Upon a filing of a bankruptcy petition,3 a wide variety of actions and claims are automatically stayed,4 and the debtor is generally barred from making post-petition payments on non-essential obligations such as lender fees and expenses. However, if secured lenders are over-secured, then such lenders may be able to receive direct periodic payment of post-petition legal fees as "adequate protection" for the debtor's use of lender collateral5 or as part of the lender's secured claim.6 Most commonly, debtors will request access to cash collateral in order to facilitate operations and/or effectuate their restructuring goals in exchange for a package of protections against the diminution in value of such collateral, and secured creditors will require the periodic payment of legal expenses.7 If approved by the court, the net effect to secured lenders is that the debtor remains obligated, post-petition, to pay the lenders' legal expenses, subject to the terms of the original contractual arrangement between the lenders and the debtor and the Bankruptcy Code's requirements as to the reasonableness of allowed expenses.
Additionally, outside of the adequate protection regime, it is also possible to have certain attorneys' fees paid by the debtor if such fees can be justified as qualified administrative expenses.8 These administrative expenses would be paid under the plan of reorganization on a preferential basis over general unsecured claims.9
Unsecured Creditors' (Lack of) Rights
Lenders will commonly adopt the payment and indemnification rights described above, regardless of whether the relevant facility is secured or unsecured. Unsecured lenders are therefore accustomed to legal expenses being paid directly by the borrower. However, when a borrower files a bankruptcy petition, the resulting
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automatic stay prevents both the payment of lender legal fees and all related payment demands, to the extent such demands do not conform with the bankruptcy claims submission/resolution and plan of reorganization process.10 As such, even if the borrower were willing to pay the legal expenses of its unsecured lenders, it could not do so (and legal expenses paid pre-petition can, in certain circumstances, even be clawed back).11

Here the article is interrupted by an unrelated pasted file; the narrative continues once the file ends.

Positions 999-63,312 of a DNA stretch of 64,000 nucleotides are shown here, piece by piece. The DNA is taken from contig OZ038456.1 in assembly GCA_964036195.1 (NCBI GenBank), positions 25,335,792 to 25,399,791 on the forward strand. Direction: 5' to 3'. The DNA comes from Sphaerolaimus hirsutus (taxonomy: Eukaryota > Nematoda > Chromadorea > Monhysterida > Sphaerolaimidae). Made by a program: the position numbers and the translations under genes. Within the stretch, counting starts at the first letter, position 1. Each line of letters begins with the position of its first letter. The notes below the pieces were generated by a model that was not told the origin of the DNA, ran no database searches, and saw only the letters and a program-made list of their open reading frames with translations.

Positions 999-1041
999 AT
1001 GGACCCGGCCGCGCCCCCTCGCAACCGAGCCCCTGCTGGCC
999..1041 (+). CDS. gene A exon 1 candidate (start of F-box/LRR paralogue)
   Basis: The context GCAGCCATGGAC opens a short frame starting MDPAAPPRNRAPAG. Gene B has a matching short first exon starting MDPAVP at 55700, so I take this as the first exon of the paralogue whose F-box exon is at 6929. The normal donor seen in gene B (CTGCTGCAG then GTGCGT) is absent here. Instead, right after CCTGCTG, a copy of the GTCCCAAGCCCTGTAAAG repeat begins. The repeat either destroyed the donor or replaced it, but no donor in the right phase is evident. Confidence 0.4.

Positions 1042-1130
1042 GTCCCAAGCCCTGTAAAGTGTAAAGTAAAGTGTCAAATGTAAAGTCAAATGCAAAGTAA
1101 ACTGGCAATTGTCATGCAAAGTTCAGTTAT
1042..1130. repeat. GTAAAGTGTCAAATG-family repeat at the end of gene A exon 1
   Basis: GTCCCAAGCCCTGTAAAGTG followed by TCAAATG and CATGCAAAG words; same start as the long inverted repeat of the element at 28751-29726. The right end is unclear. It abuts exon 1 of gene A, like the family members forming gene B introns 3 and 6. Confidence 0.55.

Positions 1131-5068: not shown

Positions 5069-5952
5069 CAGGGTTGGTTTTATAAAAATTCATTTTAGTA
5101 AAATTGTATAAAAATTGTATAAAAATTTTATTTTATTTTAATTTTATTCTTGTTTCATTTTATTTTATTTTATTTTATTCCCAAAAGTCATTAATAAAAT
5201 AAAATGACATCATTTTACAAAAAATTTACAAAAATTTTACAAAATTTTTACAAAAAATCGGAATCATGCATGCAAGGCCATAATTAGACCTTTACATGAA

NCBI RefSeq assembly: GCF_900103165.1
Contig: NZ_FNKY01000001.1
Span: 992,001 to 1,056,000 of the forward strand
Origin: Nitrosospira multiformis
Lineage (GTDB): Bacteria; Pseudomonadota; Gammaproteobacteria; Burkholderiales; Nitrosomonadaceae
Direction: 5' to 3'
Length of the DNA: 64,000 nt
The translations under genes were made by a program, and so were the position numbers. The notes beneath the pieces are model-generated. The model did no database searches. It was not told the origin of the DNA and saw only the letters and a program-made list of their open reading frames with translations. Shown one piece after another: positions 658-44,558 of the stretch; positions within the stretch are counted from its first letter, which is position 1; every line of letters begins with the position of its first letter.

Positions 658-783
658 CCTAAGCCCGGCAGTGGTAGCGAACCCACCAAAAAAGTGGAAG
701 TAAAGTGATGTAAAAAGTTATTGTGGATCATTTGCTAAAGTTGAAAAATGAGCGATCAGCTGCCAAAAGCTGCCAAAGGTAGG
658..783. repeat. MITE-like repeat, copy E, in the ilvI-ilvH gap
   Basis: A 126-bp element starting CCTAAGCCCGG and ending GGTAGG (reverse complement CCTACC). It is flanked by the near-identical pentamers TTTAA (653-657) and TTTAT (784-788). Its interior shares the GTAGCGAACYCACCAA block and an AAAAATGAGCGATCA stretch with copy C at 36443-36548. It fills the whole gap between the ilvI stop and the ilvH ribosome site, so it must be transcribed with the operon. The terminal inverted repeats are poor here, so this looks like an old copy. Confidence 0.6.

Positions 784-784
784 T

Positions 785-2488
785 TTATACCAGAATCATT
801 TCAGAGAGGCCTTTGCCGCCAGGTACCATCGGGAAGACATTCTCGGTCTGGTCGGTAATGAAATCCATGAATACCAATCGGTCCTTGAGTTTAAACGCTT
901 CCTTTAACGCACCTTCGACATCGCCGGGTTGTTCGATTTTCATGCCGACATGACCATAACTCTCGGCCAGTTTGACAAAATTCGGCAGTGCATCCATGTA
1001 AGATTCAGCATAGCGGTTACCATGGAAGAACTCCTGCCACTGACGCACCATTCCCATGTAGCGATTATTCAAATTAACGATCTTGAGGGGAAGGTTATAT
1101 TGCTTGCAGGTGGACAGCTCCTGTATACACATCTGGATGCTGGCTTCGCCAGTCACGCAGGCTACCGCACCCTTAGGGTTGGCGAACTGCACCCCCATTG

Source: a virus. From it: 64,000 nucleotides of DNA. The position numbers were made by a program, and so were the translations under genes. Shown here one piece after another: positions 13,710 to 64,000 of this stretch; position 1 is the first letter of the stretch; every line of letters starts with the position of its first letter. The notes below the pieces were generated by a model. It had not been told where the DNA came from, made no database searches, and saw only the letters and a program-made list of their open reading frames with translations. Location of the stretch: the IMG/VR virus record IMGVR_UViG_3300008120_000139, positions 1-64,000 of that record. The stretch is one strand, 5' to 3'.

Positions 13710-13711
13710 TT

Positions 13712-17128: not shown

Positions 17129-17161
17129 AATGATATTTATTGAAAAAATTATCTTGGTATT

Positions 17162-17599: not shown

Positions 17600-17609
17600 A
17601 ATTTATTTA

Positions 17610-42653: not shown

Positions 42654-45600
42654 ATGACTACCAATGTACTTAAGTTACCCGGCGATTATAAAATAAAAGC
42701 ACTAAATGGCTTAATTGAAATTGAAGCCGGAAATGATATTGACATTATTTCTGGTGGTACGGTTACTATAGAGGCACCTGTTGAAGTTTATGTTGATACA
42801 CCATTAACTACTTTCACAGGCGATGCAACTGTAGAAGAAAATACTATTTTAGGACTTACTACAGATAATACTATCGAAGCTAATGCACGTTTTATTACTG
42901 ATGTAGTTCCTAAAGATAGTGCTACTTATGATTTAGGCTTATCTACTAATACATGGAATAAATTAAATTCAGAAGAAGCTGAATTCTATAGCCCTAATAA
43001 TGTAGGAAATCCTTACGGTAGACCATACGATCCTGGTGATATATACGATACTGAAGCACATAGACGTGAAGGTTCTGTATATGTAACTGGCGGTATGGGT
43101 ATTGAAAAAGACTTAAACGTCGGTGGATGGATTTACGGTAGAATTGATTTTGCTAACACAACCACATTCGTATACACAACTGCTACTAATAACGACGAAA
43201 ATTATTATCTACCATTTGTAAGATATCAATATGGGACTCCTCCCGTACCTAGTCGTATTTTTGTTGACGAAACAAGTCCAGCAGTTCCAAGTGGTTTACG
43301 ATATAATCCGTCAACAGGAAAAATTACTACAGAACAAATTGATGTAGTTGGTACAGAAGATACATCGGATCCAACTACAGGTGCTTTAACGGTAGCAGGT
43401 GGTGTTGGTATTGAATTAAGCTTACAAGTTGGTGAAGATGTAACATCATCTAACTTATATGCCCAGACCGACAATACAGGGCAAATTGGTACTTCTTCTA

Unsecured post-petition claims for legal expenses also typically will not qualify to be allowed as administrative expense claims against the debtor, unless lenders can somehow show that the underlying expenses relate to services which provided a "substantial contribution" to the bankruptcy estate.12
Notably, courts are currently divided as to whether unsecured claims for post-petition attorneys' fees arising from an otherwise enforceable pre-petition contract can form the basis for an allowable unsecured claim (to be paid pro rata at the same rate as all other similar unsecured claims). Specifically, certain federal Courts of Appeals, including courts in the Second, Fourth and Ninth Circuits,13 have held that such claims are allowable, while certain bankruptcy and district courts in other circuits, including the First, Fifth, Tenth and Eleventh Circuits, have challenged or denied such claims.14
Entitlement to payment of expenses can be an important factor in a lender's strategy for dealing with exposure to a distressed debtor. Unsecured lenders, knowing that they cannot collect postpetition interest, might wish to avoid incurring similarly unrecoverable legal expenses and elect instead to sell their debt. Indeed, there is an active market for sub-par purchases of debt, where the discount reflects the investor's estimation of the likely recovery and the time that might be needed to get there.